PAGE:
Additional file 2

: Reference User Manual of SeSAM, including a quick-start tutorial.

Additional file 3

: Data and scripts used to carry out the benchmarking of SeSAM based on simulated data sets and to produce Figures 2, 3, 4, 5, and Supplementary Tables S2 and S3.

Additional file 4

: Anonymized experimental mapping data sets from agricultural plants, used to produce the maps presented in Supplementary Table S5 and Supplementary Figures S1 to S5: BC_ano_segData.raw. BC_ano_phyMap.txt. F2_ano_segData.raw. F2_ano_phyMap.txt. RIL1_ano_segData.raw. RIL1_ano_phyMap.txt. RIL2_ano_segData.raw. RIL2_ano_phyMap.txt. CP_ano_segData.gen. CP_ano_phyMap.txt.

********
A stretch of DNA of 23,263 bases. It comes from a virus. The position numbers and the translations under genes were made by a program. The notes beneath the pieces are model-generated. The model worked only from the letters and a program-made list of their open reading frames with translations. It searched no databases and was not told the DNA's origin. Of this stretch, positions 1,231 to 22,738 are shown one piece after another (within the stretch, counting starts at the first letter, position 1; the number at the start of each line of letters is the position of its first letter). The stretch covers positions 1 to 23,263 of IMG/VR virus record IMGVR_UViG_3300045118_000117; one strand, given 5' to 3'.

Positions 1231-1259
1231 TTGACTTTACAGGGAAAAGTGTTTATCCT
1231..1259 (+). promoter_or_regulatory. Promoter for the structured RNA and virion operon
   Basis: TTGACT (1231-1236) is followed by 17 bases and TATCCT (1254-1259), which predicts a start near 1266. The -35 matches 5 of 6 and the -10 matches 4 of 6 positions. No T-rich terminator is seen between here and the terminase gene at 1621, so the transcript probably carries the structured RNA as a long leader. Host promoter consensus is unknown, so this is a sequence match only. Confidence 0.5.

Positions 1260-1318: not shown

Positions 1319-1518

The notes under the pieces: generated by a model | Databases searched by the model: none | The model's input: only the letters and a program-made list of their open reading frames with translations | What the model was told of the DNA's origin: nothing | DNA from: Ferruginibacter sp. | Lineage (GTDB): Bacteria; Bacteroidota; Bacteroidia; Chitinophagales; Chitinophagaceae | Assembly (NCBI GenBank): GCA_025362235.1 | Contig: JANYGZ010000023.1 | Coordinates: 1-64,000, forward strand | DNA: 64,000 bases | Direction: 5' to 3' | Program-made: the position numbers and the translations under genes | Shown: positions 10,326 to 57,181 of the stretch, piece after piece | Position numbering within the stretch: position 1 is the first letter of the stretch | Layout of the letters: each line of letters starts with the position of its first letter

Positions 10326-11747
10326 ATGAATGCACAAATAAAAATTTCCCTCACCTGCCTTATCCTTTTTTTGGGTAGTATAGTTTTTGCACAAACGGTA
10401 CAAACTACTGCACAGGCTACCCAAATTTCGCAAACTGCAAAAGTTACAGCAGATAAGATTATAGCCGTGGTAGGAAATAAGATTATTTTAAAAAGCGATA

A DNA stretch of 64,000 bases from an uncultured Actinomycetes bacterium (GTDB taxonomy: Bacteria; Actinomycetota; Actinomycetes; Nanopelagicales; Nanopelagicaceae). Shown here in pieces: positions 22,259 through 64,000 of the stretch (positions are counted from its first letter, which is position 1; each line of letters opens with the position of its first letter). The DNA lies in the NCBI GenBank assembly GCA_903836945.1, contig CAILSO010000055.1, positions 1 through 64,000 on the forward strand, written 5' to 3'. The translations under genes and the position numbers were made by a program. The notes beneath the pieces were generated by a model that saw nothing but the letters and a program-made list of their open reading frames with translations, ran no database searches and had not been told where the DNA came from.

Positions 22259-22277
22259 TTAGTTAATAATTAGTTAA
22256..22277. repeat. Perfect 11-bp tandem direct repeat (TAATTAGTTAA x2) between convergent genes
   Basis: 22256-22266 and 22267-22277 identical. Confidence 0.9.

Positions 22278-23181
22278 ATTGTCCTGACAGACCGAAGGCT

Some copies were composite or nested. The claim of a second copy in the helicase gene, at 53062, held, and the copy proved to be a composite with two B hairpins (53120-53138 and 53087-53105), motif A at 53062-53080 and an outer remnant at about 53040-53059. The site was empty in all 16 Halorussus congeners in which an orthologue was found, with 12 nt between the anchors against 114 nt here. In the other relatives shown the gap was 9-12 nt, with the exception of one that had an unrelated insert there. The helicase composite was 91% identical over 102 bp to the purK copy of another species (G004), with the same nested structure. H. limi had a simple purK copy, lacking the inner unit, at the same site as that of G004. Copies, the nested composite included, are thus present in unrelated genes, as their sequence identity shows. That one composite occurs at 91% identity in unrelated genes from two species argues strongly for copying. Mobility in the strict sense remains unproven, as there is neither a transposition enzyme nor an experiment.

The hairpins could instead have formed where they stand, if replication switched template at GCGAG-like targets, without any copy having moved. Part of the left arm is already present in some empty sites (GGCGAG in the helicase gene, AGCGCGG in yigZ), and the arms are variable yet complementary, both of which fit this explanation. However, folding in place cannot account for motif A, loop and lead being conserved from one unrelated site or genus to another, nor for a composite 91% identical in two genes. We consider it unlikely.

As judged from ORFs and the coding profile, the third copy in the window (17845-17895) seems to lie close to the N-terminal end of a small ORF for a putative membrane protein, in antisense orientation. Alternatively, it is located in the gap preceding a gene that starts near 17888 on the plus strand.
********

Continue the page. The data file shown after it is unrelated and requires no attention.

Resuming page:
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Vidal, A., Gauthier, F., Rodrigez, W. et al. SeSAM: software for automatic construction of order-robust linkage maps. BMC Bioinformatics 23, 499 (2022).